Sunday, May 08, 2005

The Soul's Religion

"Every human life is a profound mystery. Deep and invisible currents make us who we are, and the world around us is full of secret intentions and laws. One response to all this mystery is to treat it as a problem to be solved and to do everything possible to be informed and in control. But another way is to bow down in ignorance and confess our limitations. Religion and spirituality, for eons intimately connected, offer creative ways to become people of depth and compassion through embracing mystery."
– Thomas Moore

THE SOUL’S RELIGION
Anna Weinberg, assistant editor at Book writes a background article about The Soul’s Religion: Cultivating a Profoundly Spiritual Way of Life, and about Moore’s approaches in the book.

For BookPage, Karen Jenks, a nurse in Nashville, pens a brief and supportive review saying, "Moore confesses that the religion he envisions in this book is difficult to spell out. Nevertheless, his meaningful presentation is masterful and powerful, in no small measure because the author is intimately acquainted with the lessons himself."

Steve Maynard interviewed Thomas Moore in Tacoma, Washington about The Soul’s Religion. In the article, published 27 April 2002 by The News Tribune and not available on the web, Maynard reports that in addition to commenting on challenges facing the Catholic Church, Moore talked about the place of religion after 9/11:
The terrorist attacks "should be a signal to us that the majority of the world is suffering and is not living the good life that we have," he said. "This is not to blame us for what's happening.... But it's a signal to us, I think, to really reach out and do something about the situation in this world" so that people have the basic necessities of life.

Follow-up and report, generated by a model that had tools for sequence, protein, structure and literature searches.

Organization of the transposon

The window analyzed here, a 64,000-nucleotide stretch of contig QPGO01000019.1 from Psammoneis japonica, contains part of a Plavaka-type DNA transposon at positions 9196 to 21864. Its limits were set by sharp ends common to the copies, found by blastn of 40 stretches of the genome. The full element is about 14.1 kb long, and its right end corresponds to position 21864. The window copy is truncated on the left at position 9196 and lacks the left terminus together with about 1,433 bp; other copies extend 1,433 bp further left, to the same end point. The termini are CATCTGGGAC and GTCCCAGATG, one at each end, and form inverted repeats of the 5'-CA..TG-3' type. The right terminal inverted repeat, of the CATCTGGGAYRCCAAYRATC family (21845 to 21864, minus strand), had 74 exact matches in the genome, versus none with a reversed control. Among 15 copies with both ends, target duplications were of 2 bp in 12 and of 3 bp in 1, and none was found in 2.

An issue permeating his new book is that many people are searching or are skeptical about religion, while others remain loyal to religious institutions, including churches, temples and mosques.
"Those who are still in the institutions, I think, need to cultivate, develop that deeper soul of their religion and not spend so much time worried about dogma and membership and rules of practice and authority," he said. "Those things are not the essence, they're not the soul of religion."
Besides taking care of one's material needs, Moore said, the soul of religion "is having "great vision about the meaning of your life, about how to deal with illness and mortality, and how to love, how to raise children, how to make community."
Jaye-Q’s Brew, a popular column in The Trinidad Guardian picks up on Moore’s observation that the masculine deity may overshadow the sacred feminine but she does not disappear. For the L.A. Times, Larry Stammer writes a thoughtful and personal review, endorsing the book based on his conviction that Moore’s readers "know him to speak from experience deeply rooted in failings and triumphs." The March 2003 review in Spirituality & Health draws attention to Thomas Moore’s attempts to "keep the sacred and the secular together" ― criticizing "the authoritarianism of Catholicism and the perfectionism of New Age spirituality…"

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